Migrant Workers Demand Passports, Money

About 50 migrant workers who were part of a group that was abandoned at the Thai border by a recruitment agency last week gathered outside the Phnom Penh Municipal Court on Tuesday to ask for the return of their passports and the fees they paid the company.

A total of 90 workers had given the Chin Vanda Manpower Company between $250 and $400 each to find them work in Thailand, but were abandoned at the border by a fixer. Upon returning to Phnom Penh, they discovered that the agency’s owner, Chin Vanda, had closed up shop and fled.

Migrant workers who were abandoned at the Thai border last week protest outside the Phnom Penh Municipal Court on Tuesday. (Jens Welding Ollgaard/The Cambodia Daily)
Migrant workers who were abandoned at the Thai border last week protest outside the Phnom Penh Municipal Court on Tuesday. (Jens Welding Ollgaard/The Cambodia Daily)

Kim Chenda, chief of border crossings at the the Interior Ministry’s anti-human trafficking department, said the municipal court charged the fixer over his role in the scam late last week.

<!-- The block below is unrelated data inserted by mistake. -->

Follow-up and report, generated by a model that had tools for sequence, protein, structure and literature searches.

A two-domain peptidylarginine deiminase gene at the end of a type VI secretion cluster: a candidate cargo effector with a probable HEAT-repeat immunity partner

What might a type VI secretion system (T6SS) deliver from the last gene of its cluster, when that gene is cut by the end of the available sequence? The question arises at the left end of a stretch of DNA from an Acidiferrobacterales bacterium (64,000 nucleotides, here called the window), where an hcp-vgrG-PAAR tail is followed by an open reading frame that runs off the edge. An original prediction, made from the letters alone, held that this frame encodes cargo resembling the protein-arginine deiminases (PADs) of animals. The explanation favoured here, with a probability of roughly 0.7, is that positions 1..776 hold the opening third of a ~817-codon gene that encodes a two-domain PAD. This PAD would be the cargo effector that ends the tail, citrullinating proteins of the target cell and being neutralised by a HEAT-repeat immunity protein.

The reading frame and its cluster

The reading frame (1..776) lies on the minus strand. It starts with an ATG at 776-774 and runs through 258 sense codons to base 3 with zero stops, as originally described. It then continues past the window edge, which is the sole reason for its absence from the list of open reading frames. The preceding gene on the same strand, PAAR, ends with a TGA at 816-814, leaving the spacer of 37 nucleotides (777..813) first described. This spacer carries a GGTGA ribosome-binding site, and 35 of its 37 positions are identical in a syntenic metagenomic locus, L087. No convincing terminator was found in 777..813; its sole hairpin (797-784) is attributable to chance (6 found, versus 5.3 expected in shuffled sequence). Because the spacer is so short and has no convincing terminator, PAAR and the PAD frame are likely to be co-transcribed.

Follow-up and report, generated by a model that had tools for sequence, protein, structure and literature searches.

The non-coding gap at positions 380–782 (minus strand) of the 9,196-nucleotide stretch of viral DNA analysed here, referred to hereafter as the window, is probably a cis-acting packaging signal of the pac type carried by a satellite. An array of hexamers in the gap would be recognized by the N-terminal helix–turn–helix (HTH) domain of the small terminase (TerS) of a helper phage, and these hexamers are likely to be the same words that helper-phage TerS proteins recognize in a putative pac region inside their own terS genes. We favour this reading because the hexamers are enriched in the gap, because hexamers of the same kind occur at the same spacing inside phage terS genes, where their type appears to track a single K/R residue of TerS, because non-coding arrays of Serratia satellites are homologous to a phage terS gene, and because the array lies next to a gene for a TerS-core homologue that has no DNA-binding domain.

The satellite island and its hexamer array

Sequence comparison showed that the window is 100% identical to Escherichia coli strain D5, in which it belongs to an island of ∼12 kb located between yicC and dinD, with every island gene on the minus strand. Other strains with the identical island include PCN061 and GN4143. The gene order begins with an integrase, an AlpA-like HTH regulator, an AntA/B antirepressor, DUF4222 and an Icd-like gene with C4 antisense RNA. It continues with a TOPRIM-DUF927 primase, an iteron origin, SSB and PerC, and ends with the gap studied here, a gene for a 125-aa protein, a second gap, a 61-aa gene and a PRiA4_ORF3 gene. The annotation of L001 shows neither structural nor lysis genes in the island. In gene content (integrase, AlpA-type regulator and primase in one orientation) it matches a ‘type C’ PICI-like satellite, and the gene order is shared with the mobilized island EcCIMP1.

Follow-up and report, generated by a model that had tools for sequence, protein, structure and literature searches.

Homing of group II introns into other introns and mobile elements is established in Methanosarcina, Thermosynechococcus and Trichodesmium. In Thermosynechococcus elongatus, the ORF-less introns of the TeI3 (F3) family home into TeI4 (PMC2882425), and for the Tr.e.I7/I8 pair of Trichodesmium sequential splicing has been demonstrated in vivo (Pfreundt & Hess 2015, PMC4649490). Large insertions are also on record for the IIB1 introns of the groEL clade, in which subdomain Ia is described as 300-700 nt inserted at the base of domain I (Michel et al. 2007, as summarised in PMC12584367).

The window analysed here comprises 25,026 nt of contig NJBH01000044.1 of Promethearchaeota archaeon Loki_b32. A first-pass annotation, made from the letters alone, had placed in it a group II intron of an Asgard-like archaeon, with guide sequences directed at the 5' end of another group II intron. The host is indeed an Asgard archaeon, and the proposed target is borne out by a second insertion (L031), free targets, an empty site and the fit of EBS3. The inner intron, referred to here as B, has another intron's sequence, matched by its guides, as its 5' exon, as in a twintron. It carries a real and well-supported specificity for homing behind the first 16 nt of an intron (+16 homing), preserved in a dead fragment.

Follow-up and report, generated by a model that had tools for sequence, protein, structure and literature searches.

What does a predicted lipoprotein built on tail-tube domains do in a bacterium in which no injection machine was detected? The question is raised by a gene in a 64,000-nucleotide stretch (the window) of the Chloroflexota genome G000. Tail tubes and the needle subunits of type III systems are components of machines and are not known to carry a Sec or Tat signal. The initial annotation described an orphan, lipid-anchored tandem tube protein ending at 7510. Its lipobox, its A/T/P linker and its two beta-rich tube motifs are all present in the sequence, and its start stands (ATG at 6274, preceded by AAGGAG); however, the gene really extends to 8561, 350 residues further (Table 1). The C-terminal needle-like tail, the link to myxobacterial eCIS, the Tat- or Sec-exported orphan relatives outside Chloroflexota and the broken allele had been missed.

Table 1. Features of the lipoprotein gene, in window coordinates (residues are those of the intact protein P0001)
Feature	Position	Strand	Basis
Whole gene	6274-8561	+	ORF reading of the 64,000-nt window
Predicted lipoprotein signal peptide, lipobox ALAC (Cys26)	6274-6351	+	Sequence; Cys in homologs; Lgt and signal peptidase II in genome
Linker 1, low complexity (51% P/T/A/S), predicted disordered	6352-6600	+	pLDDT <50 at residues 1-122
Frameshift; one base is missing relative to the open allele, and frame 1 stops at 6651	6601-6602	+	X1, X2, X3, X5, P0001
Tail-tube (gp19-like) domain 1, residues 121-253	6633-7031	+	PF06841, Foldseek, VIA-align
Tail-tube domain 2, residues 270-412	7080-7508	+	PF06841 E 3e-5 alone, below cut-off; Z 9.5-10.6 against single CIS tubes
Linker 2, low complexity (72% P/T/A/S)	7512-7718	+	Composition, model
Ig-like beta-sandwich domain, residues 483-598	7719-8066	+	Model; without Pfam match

“The court charged Seng Salen, a fixer for the company, with the act of selling, buying or exchanging a person for cross-border transfer,” he said.

“We will give the passports to the migrant workers whenever we get a letter from the court” to release the documents, he added.

Neak Heng, a coordinator for the National Union Alliance Chambers of Cambodia, said he went with the workers to the court at 2 p.m. to ask that officials speed up the process of returning their money and passports.

“They wanted the court to put pressure on the company owner to get a refund and they wanted the court to provide their passports and to find the company owner so that he can be punished according to the law,” he said.

Outside the courthouse, Sen Sopheas, 33, said that she and many other workers had taken out loans from microfinance institutions to pay the recruiter and needed their passports back in order to travel to Thailand to make enough money to pay back their loans.

“I need money to pay back the microfinance lender, which is why I need to find another job in Thailand,” she said.

After protesting for more than an hour, Mr. Heng said he was allowed to meet with deputy prosecutor Top Chhun Long, who is in charge of the case. “He said he is working on the case and that the fixer for the company is still in jail,” Mr. Heng said.

Mr. Chhun Long could not be reached for comment.

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